Australian Abroad, Keen Capoeirista, Museum Mogul, Budding Blogger, Thirsty Traveller – currently Itapuã, Salvador, Brazil
In October 2017 I was fortunate to visit the Museu de Arte do Rio with some of my colleagues from the museums in Oxford as we explored museums in other parts of the world to see what we could learn and bring back to our own museums in the UK.
An impressive architectural artwork in its own right, the museum is an amalgam of three different buildings with very different architectural features. The architects connected the Palace Dom Joao VI, a heritage listed building, and a former police building and bus station. The new ‘mega’ building houses both the museum’s displays, and the Escholar do Olhar, which developes public education programmes. The museum opened on the rejuvenated Praca Maua in 2013 ahead of the Olympics and is dedicated to international modern and contemporary art.
Upon arrival, we stopped to view a display outside the museum developed by Project Morrinho. This was a social and cultural project developed in local favelas by a local youth, working with other youths living in the favela to create a model of the favela from bricks and other recycled materials. It began as an escape from the challenges of living in the community. The art work on display at the museum, which is only a small part of the greater project, is extremely powerful in the way it offers an image of how the young people in these communities live.
The museum is home to an inspiring collection of modern art and photography that you could get lost in.
The current temporary exhibition was Dja Guata Pora and focussed on indigenous communities. Curators and researchers engaged with local indigenous communities and developed a display of videos, photographs, objects and art works that communicate both the history and current lives of indigenous communities.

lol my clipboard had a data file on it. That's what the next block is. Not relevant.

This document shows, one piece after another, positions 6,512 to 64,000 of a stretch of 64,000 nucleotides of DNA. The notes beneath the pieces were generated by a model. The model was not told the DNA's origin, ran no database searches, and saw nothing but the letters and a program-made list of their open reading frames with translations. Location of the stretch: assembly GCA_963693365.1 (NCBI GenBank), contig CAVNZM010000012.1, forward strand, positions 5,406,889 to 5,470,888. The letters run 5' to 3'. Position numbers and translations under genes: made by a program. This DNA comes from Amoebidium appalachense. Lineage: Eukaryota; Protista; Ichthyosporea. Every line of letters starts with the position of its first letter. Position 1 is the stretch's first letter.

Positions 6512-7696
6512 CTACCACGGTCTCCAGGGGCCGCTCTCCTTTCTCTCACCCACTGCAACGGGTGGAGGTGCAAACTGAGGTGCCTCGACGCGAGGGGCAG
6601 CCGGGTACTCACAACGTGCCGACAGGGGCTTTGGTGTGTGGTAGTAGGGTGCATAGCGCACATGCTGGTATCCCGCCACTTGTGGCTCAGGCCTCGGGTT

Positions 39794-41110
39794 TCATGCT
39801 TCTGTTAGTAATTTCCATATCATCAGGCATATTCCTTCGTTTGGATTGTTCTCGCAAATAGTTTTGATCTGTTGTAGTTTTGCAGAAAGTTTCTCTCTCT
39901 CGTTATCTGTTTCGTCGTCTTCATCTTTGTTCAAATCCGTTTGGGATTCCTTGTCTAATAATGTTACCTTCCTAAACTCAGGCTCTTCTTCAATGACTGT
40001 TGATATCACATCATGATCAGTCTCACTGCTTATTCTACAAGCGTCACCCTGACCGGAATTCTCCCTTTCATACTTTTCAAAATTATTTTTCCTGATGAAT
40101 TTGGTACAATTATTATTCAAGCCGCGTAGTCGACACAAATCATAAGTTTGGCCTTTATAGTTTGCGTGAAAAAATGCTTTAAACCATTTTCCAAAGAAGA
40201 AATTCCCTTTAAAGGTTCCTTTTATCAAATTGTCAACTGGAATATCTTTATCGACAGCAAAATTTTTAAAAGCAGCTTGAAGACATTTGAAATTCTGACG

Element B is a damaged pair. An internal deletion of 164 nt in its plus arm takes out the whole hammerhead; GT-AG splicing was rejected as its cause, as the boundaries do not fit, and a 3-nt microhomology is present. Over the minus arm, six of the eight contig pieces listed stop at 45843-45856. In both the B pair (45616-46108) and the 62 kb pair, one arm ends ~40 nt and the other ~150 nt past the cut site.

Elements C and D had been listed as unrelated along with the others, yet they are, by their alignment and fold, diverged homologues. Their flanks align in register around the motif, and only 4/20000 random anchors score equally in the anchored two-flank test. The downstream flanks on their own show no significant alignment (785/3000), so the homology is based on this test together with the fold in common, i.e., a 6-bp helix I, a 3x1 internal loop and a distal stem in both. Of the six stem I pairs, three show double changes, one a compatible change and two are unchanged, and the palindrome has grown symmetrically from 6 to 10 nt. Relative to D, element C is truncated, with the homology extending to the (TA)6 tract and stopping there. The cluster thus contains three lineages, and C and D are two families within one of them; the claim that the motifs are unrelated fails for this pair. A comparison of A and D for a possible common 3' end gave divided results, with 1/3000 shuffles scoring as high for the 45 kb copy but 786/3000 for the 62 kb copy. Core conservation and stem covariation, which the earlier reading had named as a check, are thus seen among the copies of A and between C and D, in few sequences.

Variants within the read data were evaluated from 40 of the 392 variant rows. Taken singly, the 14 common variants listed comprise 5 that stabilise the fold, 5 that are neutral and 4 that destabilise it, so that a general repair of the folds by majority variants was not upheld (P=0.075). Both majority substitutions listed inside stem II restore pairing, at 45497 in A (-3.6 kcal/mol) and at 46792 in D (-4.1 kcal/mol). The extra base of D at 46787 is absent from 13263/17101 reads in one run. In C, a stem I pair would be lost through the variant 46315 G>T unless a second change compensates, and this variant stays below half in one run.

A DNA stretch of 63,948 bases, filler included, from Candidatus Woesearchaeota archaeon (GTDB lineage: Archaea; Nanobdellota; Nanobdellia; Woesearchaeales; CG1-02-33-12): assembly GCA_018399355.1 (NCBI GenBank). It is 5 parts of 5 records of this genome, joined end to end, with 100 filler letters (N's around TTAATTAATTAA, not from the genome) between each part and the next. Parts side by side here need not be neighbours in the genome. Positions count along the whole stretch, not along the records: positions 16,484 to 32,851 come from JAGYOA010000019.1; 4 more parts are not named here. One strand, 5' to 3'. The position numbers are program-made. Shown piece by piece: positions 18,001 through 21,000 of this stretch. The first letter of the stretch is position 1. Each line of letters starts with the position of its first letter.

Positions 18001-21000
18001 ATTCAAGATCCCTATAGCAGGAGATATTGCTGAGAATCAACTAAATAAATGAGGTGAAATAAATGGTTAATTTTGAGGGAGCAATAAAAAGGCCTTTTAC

While in this section of the museum, we observed some school education sessions. Anyone who has seen a school education session in a museum will know that it is difficult to keep a large number of pupils engaged: the pupils have different interests, it is difficult for all the students to engage at the same time, they distract each other, and they are distracted by the excitement of being out of the classroom. The educators we observed did an amazing job keeping all the students engaged. One of the educators had his young primary students jog between the displays they were working on, keeping the kids engaged and active.
The museum’s displays of contemporary art and photography were extremely engaging, and I felt like I could have wandered the galleries for hours, just dipping into the items that caught my attention.
A tiny highlight, just near the staircase, was a small panel on the wall that showed the ‘stratigraphy’ of the museum’s walls over the year from an ‘excavation’ trying to determine the original design of the walls.
The museum’s shop was also very impressive, carrying items developed by local artists and communities. A highlight for me was natural history themed cardboard models – something we would definitely like to see in our natural history museum.